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Original 16-bit Genesis®
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Valve has restated its commitment to building on its strategy to roll out Steam Machines as an alternative to hefty and costly PC rigs - despite widespread reports that the section had disappeared from the Steam Store.
In an update to the Steam community, Valve employee Pierre-Loup addressed recent reports that claimed the company had removed Steam Machines from the marketplace after a link on the storefront's main navigation bar disappeared.

https://www.gamesindustry.biz/articles/2018-04-04-valve-hasnt-given-up-on-steam-machines





We've noticed that what started out as a routine cleanup of the Steam Store navigation turned into a story about the delisting of Steam Machines. That section of the Steam Store is still available, but was removed from the main navigation bar based on user traffic. Given that this change has sparked a lot of interest, we thought it'd make sense to address some of the points we've seen people take away from it.

While it's true Steam Machines aren't exactly flying off the shelves, our reasons for striving towards a competitive and open gaming platform haven't significantly changed. We're still working hard on making Linux operating systems a great place for gaming and applications. We think it will ultimately result in a better experience for developers and customers alike, including those not on Steam.

Through the Steam Machine initiative, we've learned quite a bit about the state of the Linux ecosystem for real-world game developers out there. We've taken a lot of feedback and have been heads-down on addressing the shortcomings we observed. We think an important part of that effort is our ongoing investment in making Vulkan a competitive and well-supported graphics API, as well as making sure it has first-class support on Linux platforms.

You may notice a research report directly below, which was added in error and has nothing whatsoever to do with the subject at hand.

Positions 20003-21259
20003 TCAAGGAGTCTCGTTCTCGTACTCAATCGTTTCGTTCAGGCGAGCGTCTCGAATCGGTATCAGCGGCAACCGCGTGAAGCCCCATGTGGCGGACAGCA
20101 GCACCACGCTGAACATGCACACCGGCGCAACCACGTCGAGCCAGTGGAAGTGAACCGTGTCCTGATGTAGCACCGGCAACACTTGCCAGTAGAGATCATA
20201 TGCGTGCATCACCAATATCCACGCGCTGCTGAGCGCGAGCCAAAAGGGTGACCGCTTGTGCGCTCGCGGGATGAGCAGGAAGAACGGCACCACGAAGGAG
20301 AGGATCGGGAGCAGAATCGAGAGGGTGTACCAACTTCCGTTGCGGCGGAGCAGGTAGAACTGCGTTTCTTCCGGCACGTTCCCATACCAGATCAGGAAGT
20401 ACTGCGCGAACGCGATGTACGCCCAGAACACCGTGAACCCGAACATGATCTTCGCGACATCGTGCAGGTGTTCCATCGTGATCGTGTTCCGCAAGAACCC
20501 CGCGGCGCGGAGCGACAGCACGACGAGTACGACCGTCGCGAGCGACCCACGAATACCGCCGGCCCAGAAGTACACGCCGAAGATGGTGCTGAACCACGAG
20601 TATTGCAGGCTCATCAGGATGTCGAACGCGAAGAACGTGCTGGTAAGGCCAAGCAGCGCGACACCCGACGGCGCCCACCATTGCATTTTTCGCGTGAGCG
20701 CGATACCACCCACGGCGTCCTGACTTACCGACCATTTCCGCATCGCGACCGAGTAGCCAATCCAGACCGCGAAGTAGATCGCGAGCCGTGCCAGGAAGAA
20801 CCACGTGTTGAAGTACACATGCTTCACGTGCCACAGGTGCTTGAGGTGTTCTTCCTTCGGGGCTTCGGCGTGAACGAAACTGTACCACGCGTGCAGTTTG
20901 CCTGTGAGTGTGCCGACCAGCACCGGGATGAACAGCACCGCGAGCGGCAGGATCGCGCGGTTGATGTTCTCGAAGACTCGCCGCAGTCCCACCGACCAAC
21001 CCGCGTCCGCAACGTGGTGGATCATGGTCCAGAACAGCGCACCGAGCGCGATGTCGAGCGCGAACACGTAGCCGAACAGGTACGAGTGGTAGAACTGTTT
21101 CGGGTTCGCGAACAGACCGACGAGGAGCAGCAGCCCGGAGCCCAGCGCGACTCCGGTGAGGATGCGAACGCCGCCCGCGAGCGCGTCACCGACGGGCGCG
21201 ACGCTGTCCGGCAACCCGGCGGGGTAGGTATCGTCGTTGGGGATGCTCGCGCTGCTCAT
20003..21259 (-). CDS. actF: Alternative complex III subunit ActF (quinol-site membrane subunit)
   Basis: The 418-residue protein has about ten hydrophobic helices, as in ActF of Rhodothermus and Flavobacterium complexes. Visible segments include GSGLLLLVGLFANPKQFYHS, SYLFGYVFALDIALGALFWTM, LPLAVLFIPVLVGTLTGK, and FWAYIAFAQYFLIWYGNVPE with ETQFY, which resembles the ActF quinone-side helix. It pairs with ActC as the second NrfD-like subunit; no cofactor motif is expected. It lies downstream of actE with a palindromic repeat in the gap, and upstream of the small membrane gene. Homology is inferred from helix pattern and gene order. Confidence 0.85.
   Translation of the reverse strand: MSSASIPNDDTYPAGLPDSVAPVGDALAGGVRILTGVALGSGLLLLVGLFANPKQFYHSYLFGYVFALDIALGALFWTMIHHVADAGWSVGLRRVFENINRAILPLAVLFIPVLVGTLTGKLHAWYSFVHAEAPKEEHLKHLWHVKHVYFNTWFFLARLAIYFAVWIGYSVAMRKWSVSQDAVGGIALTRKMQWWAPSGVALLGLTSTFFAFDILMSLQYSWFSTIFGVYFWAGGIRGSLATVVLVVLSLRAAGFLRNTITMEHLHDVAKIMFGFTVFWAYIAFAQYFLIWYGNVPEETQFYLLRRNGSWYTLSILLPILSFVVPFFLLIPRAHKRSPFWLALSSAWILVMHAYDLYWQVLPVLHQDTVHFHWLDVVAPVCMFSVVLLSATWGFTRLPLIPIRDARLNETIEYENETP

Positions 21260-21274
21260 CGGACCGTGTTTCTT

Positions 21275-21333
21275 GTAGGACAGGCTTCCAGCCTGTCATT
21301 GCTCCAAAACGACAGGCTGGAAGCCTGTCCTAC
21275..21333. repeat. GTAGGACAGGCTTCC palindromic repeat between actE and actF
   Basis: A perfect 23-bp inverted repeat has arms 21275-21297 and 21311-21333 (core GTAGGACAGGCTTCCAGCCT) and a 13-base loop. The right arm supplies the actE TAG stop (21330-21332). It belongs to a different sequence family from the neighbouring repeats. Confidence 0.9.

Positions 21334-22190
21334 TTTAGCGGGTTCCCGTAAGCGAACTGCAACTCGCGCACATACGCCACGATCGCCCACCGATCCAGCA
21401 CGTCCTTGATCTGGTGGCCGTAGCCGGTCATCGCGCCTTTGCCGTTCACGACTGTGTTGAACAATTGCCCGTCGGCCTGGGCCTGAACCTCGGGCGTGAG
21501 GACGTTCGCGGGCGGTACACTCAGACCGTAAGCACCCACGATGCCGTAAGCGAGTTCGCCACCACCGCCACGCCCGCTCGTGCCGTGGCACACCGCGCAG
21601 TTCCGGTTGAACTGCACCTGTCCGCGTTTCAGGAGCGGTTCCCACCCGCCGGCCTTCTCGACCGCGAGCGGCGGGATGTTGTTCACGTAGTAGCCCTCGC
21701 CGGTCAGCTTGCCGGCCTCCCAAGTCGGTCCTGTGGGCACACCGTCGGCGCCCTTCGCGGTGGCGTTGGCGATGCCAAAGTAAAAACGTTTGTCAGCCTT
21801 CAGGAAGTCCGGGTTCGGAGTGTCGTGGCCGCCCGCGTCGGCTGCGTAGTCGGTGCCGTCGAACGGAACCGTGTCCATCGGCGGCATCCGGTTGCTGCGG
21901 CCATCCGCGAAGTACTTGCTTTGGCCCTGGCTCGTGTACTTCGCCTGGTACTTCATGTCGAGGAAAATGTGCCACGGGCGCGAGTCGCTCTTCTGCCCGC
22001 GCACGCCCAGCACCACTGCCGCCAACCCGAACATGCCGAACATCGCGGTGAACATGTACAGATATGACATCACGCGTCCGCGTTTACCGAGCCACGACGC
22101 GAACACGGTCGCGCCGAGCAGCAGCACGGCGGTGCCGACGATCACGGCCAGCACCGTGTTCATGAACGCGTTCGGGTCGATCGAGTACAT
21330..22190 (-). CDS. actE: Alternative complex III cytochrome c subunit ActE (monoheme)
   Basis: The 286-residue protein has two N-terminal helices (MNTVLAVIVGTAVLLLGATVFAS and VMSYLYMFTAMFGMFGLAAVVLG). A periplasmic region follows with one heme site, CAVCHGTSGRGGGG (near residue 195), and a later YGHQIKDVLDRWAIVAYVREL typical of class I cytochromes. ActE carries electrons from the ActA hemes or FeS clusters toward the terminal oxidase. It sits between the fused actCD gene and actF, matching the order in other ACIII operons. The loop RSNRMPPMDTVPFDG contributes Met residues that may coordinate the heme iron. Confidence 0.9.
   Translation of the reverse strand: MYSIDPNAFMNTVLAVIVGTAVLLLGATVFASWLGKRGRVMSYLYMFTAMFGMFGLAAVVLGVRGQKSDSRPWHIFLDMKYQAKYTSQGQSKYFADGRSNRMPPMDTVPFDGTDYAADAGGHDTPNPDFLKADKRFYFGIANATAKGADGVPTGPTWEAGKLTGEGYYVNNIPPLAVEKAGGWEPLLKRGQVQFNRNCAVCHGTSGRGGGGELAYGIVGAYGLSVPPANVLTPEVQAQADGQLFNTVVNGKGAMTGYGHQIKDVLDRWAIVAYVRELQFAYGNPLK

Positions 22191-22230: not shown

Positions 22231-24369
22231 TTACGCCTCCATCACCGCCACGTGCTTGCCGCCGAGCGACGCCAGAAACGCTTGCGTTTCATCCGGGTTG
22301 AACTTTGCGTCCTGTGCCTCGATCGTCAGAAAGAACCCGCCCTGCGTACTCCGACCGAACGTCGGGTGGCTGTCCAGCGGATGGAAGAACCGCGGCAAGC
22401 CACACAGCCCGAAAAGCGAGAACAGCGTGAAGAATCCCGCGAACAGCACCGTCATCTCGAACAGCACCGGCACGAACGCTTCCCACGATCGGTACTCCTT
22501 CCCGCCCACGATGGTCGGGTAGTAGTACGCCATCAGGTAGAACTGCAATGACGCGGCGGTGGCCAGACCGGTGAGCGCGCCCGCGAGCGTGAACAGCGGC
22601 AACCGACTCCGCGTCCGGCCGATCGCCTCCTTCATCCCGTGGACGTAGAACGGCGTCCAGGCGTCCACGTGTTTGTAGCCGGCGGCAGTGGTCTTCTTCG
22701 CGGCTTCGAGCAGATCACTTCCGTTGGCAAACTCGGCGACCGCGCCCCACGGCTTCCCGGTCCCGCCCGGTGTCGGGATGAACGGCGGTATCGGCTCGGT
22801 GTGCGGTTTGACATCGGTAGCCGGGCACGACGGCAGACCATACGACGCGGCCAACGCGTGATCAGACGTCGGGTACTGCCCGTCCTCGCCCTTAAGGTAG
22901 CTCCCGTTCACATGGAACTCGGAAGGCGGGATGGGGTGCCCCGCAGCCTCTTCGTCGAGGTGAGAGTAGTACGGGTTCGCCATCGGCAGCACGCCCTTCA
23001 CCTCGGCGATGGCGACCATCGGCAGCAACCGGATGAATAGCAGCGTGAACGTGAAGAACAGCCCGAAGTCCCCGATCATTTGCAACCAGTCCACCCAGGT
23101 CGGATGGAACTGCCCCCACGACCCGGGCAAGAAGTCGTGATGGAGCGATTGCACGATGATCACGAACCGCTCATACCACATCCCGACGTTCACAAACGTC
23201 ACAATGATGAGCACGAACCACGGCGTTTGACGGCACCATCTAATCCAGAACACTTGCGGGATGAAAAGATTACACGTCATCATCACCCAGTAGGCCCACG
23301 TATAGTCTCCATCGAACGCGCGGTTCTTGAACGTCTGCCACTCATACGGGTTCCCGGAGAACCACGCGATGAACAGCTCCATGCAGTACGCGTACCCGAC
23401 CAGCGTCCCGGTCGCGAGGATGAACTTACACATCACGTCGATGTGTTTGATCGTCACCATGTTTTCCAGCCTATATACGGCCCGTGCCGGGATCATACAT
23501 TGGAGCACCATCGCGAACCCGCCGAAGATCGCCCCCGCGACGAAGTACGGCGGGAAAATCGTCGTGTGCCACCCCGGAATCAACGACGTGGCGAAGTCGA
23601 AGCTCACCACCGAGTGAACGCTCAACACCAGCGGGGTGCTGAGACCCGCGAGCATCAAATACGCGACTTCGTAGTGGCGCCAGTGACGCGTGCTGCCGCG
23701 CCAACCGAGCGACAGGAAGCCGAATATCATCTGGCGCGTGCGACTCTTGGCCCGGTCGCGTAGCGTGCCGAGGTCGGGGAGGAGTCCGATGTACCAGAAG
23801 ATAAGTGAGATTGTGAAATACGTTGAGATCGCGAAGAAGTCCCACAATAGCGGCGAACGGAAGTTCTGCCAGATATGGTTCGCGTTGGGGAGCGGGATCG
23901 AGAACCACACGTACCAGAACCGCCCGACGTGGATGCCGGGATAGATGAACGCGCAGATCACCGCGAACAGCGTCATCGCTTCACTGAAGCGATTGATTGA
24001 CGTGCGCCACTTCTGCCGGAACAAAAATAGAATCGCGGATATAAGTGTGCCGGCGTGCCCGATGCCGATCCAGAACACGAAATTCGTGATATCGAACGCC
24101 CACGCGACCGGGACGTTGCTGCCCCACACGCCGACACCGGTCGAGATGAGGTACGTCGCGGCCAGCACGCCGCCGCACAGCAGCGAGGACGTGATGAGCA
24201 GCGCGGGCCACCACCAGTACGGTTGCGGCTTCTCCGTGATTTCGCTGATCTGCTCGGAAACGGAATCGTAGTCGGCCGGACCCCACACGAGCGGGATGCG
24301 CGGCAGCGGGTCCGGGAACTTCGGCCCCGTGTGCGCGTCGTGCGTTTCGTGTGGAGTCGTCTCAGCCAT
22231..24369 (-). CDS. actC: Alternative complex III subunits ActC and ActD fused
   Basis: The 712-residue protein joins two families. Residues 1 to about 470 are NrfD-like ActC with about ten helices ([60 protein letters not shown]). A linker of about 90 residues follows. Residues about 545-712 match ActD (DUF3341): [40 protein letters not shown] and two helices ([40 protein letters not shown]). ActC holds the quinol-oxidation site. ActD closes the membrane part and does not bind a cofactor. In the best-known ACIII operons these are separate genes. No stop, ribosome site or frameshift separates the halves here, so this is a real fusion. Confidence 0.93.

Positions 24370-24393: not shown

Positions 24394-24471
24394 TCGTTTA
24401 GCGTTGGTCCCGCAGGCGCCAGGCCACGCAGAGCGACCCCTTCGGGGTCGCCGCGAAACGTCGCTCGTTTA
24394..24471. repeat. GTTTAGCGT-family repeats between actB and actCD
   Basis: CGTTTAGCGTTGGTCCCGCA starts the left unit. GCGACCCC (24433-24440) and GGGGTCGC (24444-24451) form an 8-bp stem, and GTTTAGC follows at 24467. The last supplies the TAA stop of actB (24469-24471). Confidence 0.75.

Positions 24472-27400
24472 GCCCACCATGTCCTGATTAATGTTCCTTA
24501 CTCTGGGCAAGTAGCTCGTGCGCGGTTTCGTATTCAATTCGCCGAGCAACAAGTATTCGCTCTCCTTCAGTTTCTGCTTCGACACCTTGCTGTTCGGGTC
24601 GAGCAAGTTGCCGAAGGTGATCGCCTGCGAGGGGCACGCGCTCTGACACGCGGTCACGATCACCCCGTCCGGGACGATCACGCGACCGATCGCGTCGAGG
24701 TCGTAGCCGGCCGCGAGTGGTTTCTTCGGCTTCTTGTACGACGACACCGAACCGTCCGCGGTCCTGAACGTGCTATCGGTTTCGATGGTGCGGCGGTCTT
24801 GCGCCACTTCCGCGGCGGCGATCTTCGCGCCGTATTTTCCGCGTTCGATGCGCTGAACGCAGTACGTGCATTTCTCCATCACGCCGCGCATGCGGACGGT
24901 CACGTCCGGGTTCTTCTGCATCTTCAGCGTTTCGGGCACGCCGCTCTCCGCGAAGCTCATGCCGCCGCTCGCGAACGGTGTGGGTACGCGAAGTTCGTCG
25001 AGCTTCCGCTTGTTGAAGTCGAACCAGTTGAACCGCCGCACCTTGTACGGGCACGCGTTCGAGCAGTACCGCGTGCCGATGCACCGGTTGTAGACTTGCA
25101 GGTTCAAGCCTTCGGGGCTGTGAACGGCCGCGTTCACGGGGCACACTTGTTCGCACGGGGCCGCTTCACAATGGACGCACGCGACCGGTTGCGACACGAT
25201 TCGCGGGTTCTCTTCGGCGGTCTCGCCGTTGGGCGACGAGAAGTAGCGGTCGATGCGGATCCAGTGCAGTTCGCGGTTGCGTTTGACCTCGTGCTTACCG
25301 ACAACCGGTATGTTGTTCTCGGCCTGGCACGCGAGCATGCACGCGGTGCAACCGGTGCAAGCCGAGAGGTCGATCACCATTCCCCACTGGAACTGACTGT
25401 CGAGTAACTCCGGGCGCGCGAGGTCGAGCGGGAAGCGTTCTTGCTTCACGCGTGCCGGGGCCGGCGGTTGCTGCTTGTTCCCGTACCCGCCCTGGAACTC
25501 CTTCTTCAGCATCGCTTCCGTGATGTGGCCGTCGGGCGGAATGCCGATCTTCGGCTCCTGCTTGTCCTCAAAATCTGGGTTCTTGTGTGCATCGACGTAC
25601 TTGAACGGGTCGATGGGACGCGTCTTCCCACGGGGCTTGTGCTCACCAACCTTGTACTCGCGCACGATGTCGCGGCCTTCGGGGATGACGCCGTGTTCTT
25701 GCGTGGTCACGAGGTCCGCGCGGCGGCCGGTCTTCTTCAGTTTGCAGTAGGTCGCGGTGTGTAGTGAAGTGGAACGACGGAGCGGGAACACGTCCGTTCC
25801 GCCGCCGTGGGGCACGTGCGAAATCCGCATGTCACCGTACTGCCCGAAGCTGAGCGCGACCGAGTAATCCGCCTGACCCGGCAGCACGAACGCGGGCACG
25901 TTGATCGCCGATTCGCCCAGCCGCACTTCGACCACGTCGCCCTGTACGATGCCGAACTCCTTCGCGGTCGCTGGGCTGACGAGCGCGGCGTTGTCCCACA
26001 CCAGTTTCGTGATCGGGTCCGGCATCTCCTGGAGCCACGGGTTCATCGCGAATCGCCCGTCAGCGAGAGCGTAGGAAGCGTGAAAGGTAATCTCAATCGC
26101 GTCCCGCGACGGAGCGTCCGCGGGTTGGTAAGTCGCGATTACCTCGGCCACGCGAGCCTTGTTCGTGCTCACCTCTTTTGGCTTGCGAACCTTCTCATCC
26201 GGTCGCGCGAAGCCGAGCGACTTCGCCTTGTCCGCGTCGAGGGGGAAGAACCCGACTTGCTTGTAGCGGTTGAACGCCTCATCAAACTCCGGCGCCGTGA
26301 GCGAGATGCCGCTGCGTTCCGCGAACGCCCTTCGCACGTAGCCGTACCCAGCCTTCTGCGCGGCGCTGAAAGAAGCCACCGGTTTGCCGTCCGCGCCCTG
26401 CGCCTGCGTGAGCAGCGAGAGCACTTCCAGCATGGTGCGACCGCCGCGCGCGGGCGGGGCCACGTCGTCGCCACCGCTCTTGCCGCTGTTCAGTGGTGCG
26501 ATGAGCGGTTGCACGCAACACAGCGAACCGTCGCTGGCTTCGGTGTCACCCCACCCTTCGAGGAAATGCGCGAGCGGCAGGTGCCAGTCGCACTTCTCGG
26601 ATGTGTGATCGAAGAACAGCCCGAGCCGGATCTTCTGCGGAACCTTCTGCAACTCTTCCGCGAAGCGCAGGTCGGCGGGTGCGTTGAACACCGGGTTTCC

Recently we announced Vulkan availability for macOS and iOS, adding to its existing availability for Windows and Linux. We also rolled out Steam Shader Pre-Caching, which will let users of Vulkan-based applications skip shader compilation on their local machine, significantly improving initial load times and reducing overall runtime stuttering in comparison with other APIs. We'll be talking more about Shader Pre-Caching in the coming months as the system matures.

At the same time, we're continuing to invest significant resources in supporting the Vulkan ecosystem, tooling and driver efforts. We also have other Linux initiatives in the pipe that we're not quite ready to talk about yet; SteamOS will continue to be our medium to deliver these improvements to our customers, and we think they will ultimately benefit the Linux ecosystem at large.

In general, and if you have any questions or feedback on the topics above, feel free to reach out to me at [email protected].

Thanks!
- Pierre-Loup

http://steamcommunity.com/app/221410/discussions/0/1696043806550421224/


Wish they would hurry up with that new Steam Client UI.
 

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Graphics Junkie
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They should let it die though, but whatever, valve is dead to me..
 

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To The Game
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Steam Machines need to have some kind of standardization to have any hope (small hope) for being adopted. There can't be ten's of different types of SM available. There can't be $10,000 Steam Machines.

I personally have no belief in SM and never did. However, if there is any hope of SM to work they need to be at most 3 tiers of SM. Low ($400 - $500), Mid ($600 - $800), High ($800 - $1,200). Pick a hardware combination that works in those price ranges and force any SM to use said specs and stay within that price range. Letting SM manufacturers go all "Wild West" and do whatever they want with them does nothing but create confusion. As soon as some guy with an xbox looks up SM and sees tons of options ranging $400 - $10,000 they're going to say screw that and buy whatever the latest console is.

Only hope for SM is a standardized tier system.
 

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Eh, Wha?
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9,940 Posts